Making a Large Class Small
Large-enrollment courses present a number of unique challenges that can impede students’ learning and exhaust faculty members teaching the class. To get a glimpse of the challenges, we have asked UNC Charlotte students what they have to say about large classes in three short, entertaining videos
Video Q&A with UNC Charlotte Students
- What do you like about large classes? [3:45, YouTube]
- What do you dislike about large classes? [3:17, YouTube]
- What improvements would you like to see in large classes? [3:57, YouTube]
How Can I Reduce the Feeling of Student Anonymity?
Learn Student Names: Create a seating chart to enable rapid taking of attendance and identification of students. Return exams personally to associate names with faces and encourage students who are struggling. Before class, learn the names of people sitting along the aisles and call on them during the class. When giving a test, I ask the students to hang a sheet of paper with their names in large letters in front of them and you can wander around the room learning names. When handing back the tests, go to the labs or discussion sections with the papers and hand each back individually with an appointment book to invite students with scores of D or less to make an appointment, and any others who look disappointed or concerned
Be a Person to Students: Create a more personal environment by letting students “know” you in appropriate ways. Tell about your interests and hobbies. Explain how you first encountered a concept or how you used course-related materials in problem-solving
Be Accessible to Students: Try to find ways to be accessible to students on a personal level. Arrive early and chat with students who are already there. Greet students as they come in and give them opportunities to ask questions they might not ask during class. Stay a few minutes after class to answer individual questions. Give students your email address and encourage them to send questions or comments in this way. Pass out invitations to 10 students to join you for coffee after class to get acquainted. Announce that you'll meet any students who are free for coffee after class (you won't be swamped).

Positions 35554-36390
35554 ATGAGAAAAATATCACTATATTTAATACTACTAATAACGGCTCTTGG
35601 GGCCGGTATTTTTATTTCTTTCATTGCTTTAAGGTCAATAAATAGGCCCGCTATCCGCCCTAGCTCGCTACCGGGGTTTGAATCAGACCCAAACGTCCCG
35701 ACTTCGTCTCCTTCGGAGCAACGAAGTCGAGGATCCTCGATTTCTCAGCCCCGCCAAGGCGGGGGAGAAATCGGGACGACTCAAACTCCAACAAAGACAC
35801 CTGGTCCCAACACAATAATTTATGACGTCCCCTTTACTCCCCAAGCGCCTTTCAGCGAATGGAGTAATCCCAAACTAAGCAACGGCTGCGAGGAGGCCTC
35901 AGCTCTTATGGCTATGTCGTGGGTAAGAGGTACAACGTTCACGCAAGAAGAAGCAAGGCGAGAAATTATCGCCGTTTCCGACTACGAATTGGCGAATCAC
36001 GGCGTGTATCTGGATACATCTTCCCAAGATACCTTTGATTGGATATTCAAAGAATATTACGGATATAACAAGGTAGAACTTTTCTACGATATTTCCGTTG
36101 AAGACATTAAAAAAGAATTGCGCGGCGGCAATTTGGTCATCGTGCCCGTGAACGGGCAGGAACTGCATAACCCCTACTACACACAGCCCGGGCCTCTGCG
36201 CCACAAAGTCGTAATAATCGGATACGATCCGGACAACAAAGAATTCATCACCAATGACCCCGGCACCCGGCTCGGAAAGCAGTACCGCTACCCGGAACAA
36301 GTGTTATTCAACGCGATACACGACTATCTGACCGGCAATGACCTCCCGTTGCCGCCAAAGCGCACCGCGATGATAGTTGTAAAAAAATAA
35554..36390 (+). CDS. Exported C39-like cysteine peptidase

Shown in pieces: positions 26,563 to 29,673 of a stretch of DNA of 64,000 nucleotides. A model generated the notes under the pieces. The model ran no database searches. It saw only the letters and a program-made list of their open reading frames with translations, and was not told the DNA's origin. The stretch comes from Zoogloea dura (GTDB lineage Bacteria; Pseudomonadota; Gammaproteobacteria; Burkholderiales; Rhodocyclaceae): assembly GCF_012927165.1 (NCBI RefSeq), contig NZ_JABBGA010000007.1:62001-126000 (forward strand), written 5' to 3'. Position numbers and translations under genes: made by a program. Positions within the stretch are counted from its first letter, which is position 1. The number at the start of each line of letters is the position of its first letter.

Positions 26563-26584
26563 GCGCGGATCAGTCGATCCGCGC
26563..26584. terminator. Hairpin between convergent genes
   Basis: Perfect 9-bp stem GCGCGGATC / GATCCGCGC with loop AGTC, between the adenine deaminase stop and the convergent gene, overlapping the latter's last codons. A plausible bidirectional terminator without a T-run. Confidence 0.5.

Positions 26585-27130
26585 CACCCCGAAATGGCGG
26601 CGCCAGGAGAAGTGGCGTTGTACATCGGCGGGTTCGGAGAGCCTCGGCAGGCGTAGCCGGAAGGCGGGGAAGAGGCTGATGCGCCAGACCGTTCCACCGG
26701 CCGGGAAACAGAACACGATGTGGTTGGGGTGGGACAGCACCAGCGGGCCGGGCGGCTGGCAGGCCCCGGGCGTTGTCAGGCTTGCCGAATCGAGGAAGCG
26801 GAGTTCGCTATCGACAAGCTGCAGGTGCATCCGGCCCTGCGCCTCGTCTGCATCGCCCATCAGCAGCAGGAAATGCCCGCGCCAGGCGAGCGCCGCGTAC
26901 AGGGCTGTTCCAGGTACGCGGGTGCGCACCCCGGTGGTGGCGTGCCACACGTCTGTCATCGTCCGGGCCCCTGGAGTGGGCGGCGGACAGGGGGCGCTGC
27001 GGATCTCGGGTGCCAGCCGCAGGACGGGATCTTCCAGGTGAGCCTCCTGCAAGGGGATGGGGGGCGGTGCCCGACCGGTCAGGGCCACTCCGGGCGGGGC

Enter the Student’s Space: Consider lecturing or leading discussion from different points of the classroom to give students the feeling of being in the midst of the action rather than simply being an observer. Standing behind a podium emphasizes the distance between you and the class. Moving into the aisles and around the room makes the class seem smaller and encourages student involvement.
Provide Avenues for Feedback: Ask students at intervals to write down the “muddiest” part of your lecture, and then use some of the next class or handouts to clarify the material. A class-specific newsgroup on the campus computer network can foster out-of-class discussion.
Use Active Learning Techniques
Make your classes interactive. You may want to use clickers. UNC Charlotte has an institutional license contract with Poll Everywhere as its designated and standardized Student Response System (SRS). As a standardized system, Poll Everywhere will be the only supported and recognized polling system at UNC Charlotte. Students will now receive a free Poll Everywhere license allowing them to respond to polling questions in their courses.
Use ‘low risk techniques’ such as clarification pause, daily journal, fishbowl, muddiest point, one minute paper, note-taking pairs, creating quiz/ test questions, response to a demonstration or other teacher centered activity, round robin, student summary of another student’s answer, think pair share.
Use Moderate to advanced techniques such as active review sessions, affinity grouping, case study, concept mapping, cooperative groups in class
Consider an assignment that can have a low impact on student grades such as a short in-class paper and marking them as ‘satisfactory’ or ‘unsatisfactory’ rather than an A, B, C etc.
Balance the use of essays vs. multiple choice questions. Well written, quality multiple-choice questions take time to write but can be graded quickly whereas essays can be written quickly but take time to grade.
Because large classes usually require a rigid schedule, ensure your students are aware of the schedule
Consider using online tools such as Canvas for announcements and handouts. Students can access handouts online if they miss class. Put handouts online far enough in advance so students can print the out before class.
Make announcements via email so students are more likely to get them.
- Working with TAs (Cornell University)
This web page lists tips on working with TAs including benefits and barriers of collaborating with TAs.
- Five Principles of Successful Course Redesign (The National Center for Academic Transformation)
This web page describes five principles of college course redesign, including example redesign projects and descriptions of how the principles improve student learning and reduce instructional cost.
- Six Innovative Course Redesign Practices (The National Center for Academic Transformation)
This web page describes six innovative practices that were employed in college course redesign projects, including example redesign projects.
- Contact CTL for a consultation to begin the redesign process